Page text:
That is correct.
Mr Logan, I found your initial answer very helpful. It sounds to me that, although Ms Rennie said that CMAL believed that the project could and should be delivered on time and on budget, the workforce had reservations from an early stage that that might be unachievable. What was done about that at the time?
I have to make it clear that, throughout the whole project, the workforce have done what they have been asked to do. If we had given them the drawings and the design, they would have built it and it would have been done to a high quality, on budget and on time. However, there were constant changes from CMAL, Vera Navis or us, and we were constantly building and changing and building and changing, and there was no clear concept of the final design. If we had had a final design that was signed off by CMAL, I am sure that we would now be much further on in the contract.
We will come to that point later. Does Jamie Green have any other particular points?
We will come on to my other areas later.
I want to come back to the initial point that was made to Ms Rennie and Mr Hair. Knowing what you know about the design of the ships that are being built at the moment and what needs to be done to deliver them, do you think that the budget that was set right at the start of the project was realistic and adequate?
My starting point is the current condition of the ships. The yard has the ability to build the ships, so I presume that Ferguson’s would have had the capability previously.
Could those ships have been built for the figure that was in the contract?
I have not set out to look at the cost of building the ships from scratch compared to the original contract figure. My focus has been on dealing with the problem of delivering the ships. I know that there was an open tendering process run by CMAL and I assume that the Ferguson’s contract was comparable with others, but that is not something that I can answer in detail myself.
I am sorry, but I am a bit confused by that, Tim. You set out in your turnaround paper a cost of £110.3 million to make what is there functional and seaworthy. However, anyone putting a budget forward to construct something would obviously look at what the cost of starting again would be, because if doing that cost less and would be more effective, that would surely have to be put into the mix. However, you are telling the committee that you have not looked at the start-again cost. I find that quite confusing.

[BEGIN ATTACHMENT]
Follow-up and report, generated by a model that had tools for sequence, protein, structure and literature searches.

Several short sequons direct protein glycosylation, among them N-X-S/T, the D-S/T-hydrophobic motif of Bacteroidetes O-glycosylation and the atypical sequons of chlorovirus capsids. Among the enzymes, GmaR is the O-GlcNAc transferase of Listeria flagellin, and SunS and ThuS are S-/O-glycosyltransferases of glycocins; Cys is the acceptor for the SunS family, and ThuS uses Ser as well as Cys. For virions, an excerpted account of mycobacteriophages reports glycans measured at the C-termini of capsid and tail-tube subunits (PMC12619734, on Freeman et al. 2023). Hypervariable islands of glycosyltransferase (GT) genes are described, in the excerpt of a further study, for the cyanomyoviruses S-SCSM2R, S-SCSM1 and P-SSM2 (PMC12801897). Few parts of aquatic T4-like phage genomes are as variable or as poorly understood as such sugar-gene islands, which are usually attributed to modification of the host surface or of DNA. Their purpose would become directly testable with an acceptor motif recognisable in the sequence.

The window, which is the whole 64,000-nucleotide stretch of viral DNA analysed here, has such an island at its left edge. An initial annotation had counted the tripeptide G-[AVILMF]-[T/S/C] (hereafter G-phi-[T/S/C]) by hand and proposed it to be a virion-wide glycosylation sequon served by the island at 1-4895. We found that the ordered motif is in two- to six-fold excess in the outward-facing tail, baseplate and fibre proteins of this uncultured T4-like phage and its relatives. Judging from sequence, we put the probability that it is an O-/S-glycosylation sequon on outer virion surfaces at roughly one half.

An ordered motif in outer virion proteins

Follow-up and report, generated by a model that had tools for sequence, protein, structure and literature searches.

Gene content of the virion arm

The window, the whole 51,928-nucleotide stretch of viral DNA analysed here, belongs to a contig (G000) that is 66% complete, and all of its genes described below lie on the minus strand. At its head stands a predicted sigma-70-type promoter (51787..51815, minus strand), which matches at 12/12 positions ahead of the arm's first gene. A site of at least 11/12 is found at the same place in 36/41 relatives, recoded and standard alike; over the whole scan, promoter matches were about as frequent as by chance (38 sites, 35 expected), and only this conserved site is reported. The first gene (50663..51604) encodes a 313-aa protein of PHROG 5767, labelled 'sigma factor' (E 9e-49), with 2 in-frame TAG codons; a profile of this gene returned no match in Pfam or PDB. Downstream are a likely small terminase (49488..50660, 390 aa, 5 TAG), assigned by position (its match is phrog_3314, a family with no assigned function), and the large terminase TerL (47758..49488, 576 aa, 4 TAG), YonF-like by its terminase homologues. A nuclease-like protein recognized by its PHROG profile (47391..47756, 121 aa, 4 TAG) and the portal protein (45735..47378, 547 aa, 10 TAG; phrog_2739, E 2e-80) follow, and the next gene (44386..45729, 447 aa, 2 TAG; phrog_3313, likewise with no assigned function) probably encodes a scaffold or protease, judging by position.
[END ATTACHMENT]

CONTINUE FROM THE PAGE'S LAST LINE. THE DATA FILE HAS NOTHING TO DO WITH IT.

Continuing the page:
We looked in outline detail at the option of scrapping the vessels and starting again, which was driven largely by the timetable that would be required to scrap them and start again from scratch. We decided to pursue the option of completing the vessels. Our conclusion was that the outline cost of starting again would not be dramatically different from the cost of completing the vessels as they are.
It is very difficult to know what that option would cost if you have not costed it right the way down. Your outline cost is a bit of a guess, is not it? It is a guesstimate. What I am trying to find out is whether, from the taxpayers’ point of view, a guesstimate is sufficient.
Our decision about the best way to deliver the contracted ships was based on consideration of the timetable and an assessment of costs but not on a detailed, ground-up rebudgeting of the vessels. We had to make a decision early on about what route was likely to get the vessels delivered most quickly and most cost effectively. The decision was based on an assessment, but not on a detailed rebudgeting of the vessels.